It began small enough…my personal economic renaissance. It began this past December when I joined my sister-in-law in her annual Dressember campaign to raise money for and bring awareness to global human trafficking. Apparently, it took 30 days of putting on a dress, taking a picture and sharing the horror of human trafficking to internalize my own culpability in our global economics and acknowledge that I do have agency within this corrupt and exploitative system. My choices matter.
Our personal economics seem small, right? Yet they ripple far beyond ourselves, to countries, communities, families and individuals who live beside us and across the globe. For too long, I have been lulled to spend by the sweet lullaby of consumerism believing, that some level of exploitation is inevitable, be it of the earth, people or animals. But I was wrong. In Muhammad Yunnus’ A World of Three Zeros I found an economic language and framework that doesn’t rely on exploitation believing that humanity is motivated by unselfish desires as well.
Yunnus argues, and I think rightly, that our default economic model, Capitalism, isn’t working for everyone having left us with extreme levels of poverty, unemployment and a climate on the brink of collapse. So in a firm belief that the problems we face are not inevitable, but human made and thus can be solved by humanity, Yunnus proposes expanding Capitalism to include, alongside for-profit and non-profit entities, a third option called social business. Social businesses allow for goods and services to be bought and sold not in order to make profit, but in order for individuals and communities to both solve social issues and be self-sustaining.
What’s most beautiful and hopeful about this model is that business and the structures to support social business have been around since 1983. This isn’t a theoretical, ivory tower proposal, but a real grassroots, successful and influential business system that has the potential, if humanity has the will, to transform our economics and our climate.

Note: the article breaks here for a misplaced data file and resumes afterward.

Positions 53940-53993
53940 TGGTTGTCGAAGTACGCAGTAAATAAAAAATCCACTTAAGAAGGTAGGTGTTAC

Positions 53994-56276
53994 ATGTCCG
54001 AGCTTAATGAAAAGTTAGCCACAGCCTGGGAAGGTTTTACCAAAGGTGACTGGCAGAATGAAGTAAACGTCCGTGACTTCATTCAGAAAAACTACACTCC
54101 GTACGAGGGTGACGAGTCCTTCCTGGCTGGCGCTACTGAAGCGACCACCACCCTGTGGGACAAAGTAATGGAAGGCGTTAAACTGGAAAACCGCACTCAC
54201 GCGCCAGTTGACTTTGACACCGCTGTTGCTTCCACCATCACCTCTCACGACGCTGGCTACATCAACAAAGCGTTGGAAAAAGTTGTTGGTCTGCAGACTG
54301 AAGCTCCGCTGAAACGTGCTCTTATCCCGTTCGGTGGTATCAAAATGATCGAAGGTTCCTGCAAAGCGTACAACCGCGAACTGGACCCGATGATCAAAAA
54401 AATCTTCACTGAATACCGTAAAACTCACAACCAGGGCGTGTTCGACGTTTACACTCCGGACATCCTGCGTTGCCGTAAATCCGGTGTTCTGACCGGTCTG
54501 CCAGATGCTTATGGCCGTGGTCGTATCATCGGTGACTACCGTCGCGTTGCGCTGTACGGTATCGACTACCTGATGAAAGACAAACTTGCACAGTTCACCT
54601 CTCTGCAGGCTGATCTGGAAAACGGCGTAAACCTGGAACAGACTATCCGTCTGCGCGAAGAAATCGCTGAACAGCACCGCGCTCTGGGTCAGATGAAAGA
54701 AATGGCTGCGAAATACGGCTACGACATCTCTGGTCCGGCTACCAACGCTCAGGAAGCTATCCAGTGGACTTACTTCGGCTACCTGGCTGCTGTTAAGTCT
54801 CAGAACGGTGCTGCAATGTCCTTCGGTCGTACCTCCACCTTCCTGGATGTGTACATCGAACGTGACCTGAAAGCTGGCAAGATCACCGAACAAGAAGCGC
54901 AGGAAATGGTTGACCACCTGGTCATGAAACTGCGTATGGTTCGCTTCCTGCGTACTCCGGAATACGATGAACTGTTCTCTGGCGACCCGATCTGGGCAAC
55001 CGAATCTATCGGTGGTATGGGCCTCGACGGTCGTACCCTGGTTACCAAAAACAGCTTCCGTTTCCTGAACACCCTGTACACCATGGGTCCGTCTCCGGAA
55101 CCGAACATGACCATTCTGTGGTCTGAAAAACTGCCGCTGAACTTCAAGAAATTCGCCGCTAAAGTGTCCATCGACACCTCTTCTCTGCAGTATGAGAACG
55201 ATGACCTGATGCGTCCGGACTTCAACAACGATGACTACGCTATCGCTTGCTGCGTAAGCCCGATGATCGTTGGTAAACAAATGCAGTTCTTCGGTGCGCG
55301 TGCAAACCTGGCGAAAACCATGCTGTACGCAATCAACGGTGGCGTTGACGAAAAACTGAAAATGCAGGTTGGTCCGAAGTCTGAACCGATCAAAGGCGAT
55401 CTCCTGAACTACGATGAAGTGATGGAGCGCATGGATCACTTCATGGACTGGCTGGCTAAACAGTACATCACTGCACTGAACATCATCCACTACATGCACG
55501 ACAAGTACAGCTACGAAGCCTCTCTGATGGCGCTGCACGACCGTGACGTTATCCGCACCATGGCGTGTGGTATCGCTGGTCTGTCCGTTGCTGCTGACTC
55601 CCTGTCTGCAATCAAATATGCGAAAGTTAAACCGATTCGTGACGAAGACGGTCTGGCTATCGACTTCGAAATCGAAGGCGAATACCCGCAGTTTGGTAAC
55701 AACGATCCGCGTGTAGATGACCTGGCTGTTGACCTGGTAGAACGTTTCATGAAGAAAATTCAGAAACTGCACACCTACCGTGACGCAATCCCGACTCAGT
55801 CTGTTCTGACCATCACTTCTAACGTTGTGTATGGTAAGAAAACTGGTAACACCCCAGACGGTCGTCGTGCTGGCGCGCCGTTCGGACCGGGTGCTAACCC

More often than not I feel powerless, paralyzed by the horror and injustice that runs rampant in the world, but because of stubbornness and my faith I refuse to let the despair seep in and settle for making choices from a place of fear and apathy. I have the economic power and agency to make more informed choices and to put my money where my values are; so even as I expand my wardrobe I will make purchases from ethical companies, as I reevaluate financial investments I will research (I have a book full of ideas now) social business ventures and as I consider retirement I hope to create a social business trust fund to support efforts to make this world the world I dream about for my sons and everyone else.
How does that saying go, “Be the change you want to see in the world.”? Okay…okay.